SA to limit trans-fats in foods

19 October 2009

The Department of Health is to develop legislation aimed at limiting certain trans-fats in processed and prepared foods in South Africa.

It is hoped that the new legislation will contribute to the reduction of chronic diseases such as coronary heart disease, diabetes, certain cancers and obesity – all of which are associated with the presence of trans-fatty acids in one’s diet.

The legislation will affect all manufactured and pre-packaged foodstuffs, as well as foods prepared by restaurants and fast food outlets, containing partially hydrogenated vegetable oil as an ingredient, or where such oil is used for deep frying.

Naturally occurring trans-fatty acids in animal fats, such as in dairy products and meat, are excluded from the proposed new legislation, as they are believed to have certain health benefits.

Stakeholder consultation

The department is expected to consult stakeholders on the legislation, and will conduct a workshop on 22 October to provide an opportunity for inputs. The venue for the workshop has yet to be confirmed.

The workshop will include representatives of the industry, bodies dealing with diseases of lifestyle such as the Cancer Association of South Africa, as well as academic and research institutions involved in the promotion of healthy nutrition.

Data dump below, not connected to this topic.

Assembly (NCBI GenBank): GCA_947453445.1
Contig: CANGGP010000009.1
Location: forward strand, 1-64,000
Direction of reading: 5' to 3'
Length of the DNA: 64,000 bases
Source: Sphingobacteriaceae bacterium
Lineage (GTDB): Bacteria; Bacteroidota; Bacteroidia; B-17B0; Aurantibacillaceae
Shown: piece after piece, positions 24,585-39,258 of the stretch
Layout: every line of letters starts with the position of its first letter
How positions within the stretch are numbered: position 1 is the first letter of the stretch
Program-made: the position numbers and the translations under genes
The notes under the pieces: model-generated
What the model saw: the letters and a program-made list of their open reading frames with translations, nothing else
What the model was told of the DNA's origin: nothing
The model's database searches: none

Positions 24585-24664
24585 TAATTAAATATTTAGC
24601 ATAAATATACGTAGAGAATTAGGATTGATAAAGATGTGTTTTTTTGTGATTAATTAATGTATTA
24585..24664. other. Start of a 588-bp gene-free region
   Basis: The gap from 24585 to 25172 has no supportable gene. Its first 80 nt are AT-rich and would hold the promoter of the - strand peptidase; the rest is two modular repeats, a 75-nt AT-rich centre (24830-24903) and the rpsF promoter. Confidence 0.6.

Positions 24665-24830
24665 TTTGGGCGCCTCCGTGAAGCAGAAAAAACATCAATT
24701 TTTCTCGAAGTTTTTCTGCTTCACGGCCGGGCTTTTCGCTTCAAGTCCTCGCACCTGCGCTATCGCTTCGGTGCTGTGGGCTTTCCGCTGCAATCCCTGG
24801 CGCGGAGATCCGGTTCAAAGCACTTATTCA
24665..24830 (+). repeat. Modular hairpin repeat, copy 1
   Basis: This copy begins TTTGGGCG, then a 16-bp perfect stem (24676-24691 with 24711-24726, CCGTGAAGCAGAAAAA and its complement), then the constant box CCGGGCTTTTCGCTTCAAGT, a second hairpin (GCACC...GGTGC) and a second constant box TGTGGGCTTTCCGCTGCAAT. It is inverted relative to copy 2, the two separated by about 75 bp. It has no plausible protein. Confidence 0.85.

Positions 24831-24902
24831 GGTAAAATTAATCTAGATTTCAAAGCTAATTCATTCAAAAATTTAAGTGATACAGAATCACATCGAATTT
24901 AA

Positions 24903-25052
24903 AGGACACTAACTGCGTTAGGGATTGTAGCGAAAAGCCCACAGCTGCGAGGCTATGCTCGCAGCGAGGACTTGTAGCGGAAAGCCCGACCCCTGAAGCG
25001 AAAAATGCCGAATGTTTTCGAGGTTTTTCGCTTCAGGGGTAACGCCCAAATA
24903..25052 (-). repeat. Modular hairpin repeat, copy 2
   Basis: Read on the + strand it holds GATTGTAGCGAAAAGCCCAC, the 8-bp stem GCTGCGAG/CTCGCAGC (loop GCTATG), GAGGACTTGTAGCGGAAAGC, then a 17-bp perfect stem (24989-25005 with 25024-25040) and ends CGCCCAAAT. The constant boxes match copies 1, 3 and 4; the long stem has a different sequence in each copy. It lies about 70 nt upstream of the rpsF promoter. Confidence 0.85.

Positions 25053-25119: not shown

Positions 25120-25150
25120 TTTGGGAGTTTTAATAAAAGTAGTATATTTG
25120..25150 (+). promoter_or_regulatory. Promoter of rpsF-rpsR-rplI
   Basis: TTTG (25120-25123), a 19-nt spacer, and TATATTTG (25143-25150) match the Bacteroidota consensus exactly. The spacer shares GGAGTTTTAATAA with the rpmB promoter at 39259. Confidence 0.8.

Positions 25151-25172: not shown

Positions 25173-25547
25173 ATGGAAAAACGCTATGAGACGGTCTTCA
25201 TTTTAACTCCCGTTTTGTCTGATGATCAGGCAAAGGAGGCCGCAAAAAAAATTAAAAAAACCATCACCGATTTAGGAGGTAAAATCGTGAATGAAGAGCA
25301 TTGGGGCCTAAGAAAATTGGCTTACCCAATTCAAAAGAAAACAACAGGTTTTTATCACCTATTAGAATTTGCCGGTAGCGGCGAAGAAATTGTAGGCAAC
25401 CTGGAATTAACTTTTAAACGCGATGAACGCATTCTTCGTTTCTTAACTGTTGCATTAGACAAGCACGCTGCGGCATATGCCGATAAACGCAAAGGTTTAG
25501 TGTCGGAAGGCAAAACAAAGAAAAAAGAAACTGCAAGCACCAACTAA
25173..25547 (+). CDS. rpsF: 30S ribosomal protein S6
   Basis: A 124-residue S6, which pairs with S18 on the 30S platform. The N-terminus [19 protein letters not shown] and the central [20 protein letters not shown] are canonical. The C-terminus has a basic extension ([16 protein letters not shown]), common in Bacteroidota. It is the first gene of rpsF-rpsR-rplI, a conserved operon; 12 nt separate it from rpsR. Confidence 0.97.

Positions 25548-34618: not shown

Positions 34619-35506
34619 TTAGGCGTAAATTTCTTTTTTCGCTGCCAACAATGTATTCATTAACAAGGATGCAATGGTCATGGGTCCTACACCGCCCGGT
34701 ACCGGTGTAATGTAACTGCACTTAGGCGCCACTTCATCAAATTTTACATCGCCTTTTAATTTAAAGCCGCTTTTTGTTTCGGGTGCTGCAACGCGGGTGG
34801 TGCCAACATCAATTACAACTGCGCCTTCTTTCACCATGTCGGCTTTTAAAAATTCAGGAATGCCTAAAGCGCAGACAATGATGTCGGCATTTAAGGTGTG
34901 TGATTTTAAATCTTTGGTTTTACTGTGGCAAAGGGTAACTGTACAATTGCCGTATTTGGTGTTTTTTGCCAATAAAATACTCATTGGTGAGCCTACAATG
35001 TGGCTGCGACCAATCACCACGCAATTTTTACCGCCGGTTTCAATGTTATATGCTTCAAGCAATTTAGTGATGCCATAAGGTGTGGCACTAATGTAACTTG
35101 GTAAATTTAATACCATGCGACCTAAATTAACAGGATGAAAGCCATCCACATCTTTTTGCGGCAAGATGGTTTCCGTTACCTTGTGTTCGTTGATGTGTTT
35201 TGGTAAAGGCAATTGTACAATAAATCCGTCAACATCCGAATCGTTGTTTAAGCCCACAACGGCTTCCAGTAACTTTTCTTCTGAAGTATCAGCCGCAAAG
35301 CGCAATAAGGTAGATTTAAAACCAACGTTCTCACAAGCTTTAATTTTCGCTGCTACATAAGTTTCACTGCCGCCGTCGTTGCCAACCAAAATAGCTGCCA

“It is the intention of the department to consult and provide an opportunity for those members of the food industry who will be affected to give inputs or comments on the proposed new legislation,” the department said in a statement last week.

Alternative processing technologies

It said manufacturers could use either alternative technologies for processing vegetable oil without the harmful effects on health, or choose to use more appropriate types of fats and oils in their products.

Countries such as Denmark, Canada and the United States have introduced similar legislation since 2003.

According to the department, it was accomplished without noticeable effects on the availability, price or quality of foods previously containing high amounts of industrially processed trans-fatty acids.

Source: BuaNews